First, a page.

We are greeted by Rie, a Tea ceremony expert from Japan as we entered into the slick Japanese tea studio, Harvest Index. A clean minimalist interior with dark matcha coloured velvety drapes, a wall of single rows of perfectly displayed tea boxes and a table full of tea accessories, whisks, bamboo teaspoons and matcha powers, ranging from light to dark shades of greens and other variety of loose green tea leaves.
We are seated by the bar, which is the central focus of the interior, while Rei starts preparing the seasonally sourced graded teas, from Matcha, Sencha to Genmaicha, Hojicha, Wakocha and Mizudashicha. This intimate experience has a relaxed "Yuttari" vibe, which means to feel relaxed in Japanese.
The store sells six types of organic teas in different grades all coded, M01 being the purest form of matcha. Hand-crafted ceramics and tea brewing equipment by Hario are on display and available for purchase. The owners, Benjamin Wright and Lachlan Sinclair, are on a mission to educate tea drinkers and share the art of Japanese tea ceremony.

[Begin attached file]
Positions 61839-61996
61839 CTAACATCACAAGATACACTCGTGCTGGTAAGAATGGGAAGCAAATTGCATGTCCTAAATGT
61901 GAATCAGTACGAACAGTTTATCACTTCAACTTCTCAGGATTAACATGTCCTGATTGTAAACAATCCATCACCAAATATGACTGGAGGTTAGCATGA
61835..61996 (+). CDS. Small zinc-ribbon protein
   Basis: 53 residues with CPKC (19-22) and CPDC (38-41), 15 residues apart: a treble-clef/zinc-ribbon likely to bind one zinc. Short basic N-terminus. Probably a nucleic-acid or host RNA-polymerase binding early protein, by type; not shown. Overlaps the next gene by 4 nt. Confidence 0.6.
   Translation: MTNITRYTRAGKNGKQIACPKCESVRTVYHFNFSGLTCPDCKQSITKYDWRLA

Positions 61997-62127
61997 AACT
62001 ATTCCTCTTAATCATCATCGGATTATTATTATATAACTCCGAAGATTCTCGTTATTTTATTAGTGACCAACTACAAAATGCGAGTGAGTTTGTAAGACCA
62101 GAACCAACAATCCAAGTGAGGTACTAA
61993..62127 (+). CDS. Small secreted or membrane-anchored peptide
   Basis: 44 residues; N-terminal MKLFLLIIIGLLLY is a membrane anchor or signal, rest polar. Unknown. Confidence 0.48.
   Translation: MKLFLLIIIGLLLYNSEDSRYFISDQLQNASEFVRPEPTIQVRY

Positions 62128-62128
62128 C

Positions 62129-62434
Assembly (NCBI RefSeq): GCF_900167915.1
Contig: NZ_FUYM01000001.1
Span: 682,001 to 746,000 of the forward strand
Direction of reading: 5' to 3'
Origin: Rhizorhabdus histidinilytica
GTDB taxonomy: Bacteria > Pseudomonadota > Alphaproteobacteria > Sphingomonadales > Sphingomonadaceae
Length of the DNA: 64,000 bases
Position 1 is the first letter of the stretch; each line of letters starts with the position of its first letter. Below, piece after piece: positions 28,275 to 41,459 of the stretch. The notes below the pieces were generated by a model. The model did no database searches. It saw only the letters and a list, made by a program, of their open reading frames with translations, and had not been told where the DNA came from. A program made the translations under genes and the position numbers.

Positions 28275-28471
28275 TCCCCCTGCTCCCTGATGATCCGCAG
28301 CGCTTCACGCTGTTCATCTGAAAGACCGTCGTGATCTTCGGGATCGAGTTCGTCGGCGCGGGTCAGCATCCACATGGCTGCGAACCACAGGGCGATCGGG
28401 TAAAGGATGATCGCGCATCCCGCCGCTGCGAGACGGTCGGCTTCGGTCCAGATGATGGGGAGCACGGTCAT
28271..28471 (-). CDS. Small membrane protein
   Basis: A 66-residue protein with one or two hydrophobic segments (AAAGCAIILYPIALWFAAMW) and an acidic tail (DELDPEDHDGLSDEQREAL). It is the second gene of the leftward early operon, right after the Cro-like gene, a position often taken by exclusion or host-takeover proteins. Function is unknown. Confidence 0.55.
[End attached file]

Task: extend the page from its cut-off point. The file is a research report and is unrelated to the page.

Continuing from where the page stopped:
Rie created a custom session for us based on which teas we were interested in. The session involved demonstrations of both hot and cold brewing techniques and the various equipment required. Allow for 30-45 minutes as you experience the flavours between each cup as conversations flow.
We started our tasting with the Genmaicha G09, this sencha tea is blended with roasted brown rice and has less caffeine. The Mizudashicha or G13 was a smooth cold brew sencha, with a slighter sweeter taste due to the water temperature and brewing time. Finished off with the matcha tea M01, which Rie delicately whisked to create a light and foaming tea of the highest matcha value. At $88 it has to be the best quality matcha powder.